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Meet Quetta's 'Untouchable' Christians (Page 3 of 3)

'Many fled after the letters arrived, and even more when the Taliban carried out their promises,' recalls Farqalit, a local Christian. 'Their goal is to make us disappear, one way or another,' he says adding he feels 'too old' to move to Karachi, a booming megacity of over 20 million people that seems to be the last chance of survival for many of Farqalit's neighbours.

'We all try to hide the high number of suicides among our people,' says Rufin, Farqalit's nephew. He wears a baseball cap, an earring in his left ear and a cross on his necklace; a brave declaration of principles in such a hostile environment.

The recent fundamentalist threat has exacerbated already difficult living conditions. But suicides among the Christian community in Pakistan are far from new. 'Life here is hard for everyone: Punjabies, Pashtuns, Baluchs, Hazaras… but suicides are more common among us Christians than among the Muslim community,' says this young Catholic with an expression that reflects anger and shame in equal measure.

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The 'bunker' of faith
The Holy Rosary Church is the main one for Christians in the Balochistan region. It's an austere concrete building, a place more defensive than spiritual, and an uninspiring modern imitation of the solid Romanesque European churches of the Middle Ages. The entrance is a metal door in a backstreet heavily guarded by Pakistani police and private staff–just another of those little fortresses hidden away in Quetta.

But once inside, the atmosphere is more relaxed. Men and women remove their shoes at the entrance of the church before splitting along the sides of the hallway: women dressed in their colourful garments to the right, and men in white or light blue baggy clothes at the left. The sound of drums and songs being sung by the choir in Punjabi help bring some colour to the austere Roman litany.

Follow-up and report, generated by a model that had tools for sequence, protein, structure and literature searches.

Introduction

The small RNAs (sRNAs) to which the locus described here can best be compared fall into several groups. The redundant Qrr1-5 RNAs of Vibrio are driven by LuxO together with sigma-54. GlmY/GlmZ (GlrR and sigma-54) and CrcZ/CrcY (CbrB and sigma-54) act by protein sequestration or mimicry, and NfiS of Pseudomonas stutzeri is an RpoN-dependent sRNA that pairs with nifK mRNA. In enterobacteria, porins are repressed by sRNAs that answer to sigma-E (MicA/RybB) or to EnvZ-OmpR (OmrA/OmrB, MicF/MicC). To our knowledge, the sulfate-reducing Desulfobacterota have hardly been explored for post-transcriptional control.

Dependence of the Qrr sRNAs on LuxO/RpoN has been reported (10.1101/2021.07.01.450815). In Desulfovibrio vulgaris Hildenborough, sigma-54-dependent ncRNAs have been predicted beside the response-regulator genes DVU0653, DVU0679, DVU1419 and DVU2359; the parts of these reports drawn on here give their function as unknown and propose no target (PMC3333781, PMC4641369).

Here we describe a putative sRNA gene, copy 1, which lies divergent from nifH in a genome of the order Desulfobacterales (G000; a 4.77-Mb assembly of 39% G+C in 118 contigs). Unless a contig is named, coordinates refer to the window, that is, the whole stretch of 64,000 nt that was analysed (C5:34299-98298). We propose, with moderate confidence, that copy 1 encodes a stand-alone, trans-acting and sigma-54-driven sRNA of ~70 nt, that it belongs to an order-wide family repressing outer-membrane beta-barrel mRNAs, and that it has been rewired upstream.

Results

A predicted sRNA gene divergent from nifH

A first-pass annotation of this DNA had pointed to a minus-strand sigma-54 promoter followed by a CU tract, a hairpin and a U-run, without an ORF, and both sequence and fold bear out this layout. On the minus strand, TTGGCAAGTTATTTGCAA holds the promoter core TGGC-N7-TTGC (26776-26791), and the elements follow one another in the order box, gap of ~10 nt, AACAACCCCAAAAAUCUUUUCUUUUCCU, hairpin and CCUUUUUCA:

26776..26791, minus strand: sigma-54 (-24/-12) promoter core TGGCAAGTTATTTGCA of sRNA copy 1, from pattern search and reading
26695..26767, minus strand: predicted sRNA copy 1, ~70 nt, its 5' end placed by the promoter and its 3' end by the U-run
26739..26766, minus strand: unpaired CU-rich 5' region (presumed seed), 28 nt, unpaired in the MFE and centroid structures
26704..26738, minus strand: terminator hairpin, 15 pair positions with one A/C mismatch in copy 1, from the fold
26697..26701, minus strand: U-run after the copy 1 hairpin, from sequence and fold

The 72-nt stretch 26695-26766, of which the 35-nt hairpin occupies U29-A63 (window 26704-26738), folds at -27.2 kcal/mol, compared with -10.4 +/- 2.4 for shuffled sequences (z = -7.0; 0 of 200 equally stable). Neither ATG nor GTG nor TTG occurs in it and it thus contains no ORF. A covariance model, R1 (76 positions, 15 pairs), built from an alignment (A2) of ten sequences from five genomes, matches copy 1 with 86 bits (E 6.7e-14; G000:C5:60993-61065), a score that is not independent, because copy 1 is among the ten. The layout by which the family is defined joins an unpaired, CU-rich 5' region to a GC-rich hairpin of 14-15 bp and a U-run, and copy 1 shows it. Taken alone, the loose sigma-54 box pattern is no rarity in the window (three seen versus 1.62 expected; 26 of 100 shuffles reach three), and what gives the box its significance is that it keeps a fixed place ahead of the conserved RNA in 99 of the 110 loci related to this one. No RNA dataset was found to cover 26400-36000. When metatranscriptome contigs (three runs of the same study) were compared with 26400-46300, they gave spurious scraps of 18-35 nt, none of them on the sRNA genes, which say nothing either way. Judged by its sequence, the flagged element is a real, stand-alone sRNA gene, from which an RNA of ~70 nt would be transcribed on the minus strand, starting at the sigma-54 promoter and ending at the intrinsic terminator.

Among the attendees is Victor Ganapragasam, a Tamil priest who arrived from his native Sri Lanka 35 years ago. Today he oversees the Apostolic Prefecture of Quetta. He has had hardly any sleep after a three-day journey visiting three Christian families in the middle of the Baloch desert. 'We're around 35,000 in Quetta and hardly 80,000 in the whole Balochistan province,' he says. 'Our people are very scared, so every little effort matters when it comes to preventing them from fleeing the region.'

'The threats to our community members began with the invasion of Afghanistan, eight years ago,' Ganapragasam says. 'The Taliban gathered in front of our churches accusing us Christians of destroying their people. Can you believe it? Us!' he says indignantly as he exchanges greetings with those now leaving the church. 'Unfortunately for them, the Taliban worldview is as black and white as their turbans. They see Christians as infidels and believe we must be punished as such.'

'We were happy as Hindu, why did you Europeans have to convert us?' Ganapragasam jokes.

The mountain of shoes at the entrance of the chapel has vanished. The men shake hands and say goodbye until next Sunday, and the women thoroughly cover their hair before crossing the threshold of the Holy Rosary Church of Quetta, the metal gate of which now separates the 'heaven' promised by the colonial settlers of yesteryear from the hell of today's 'war on terror.'

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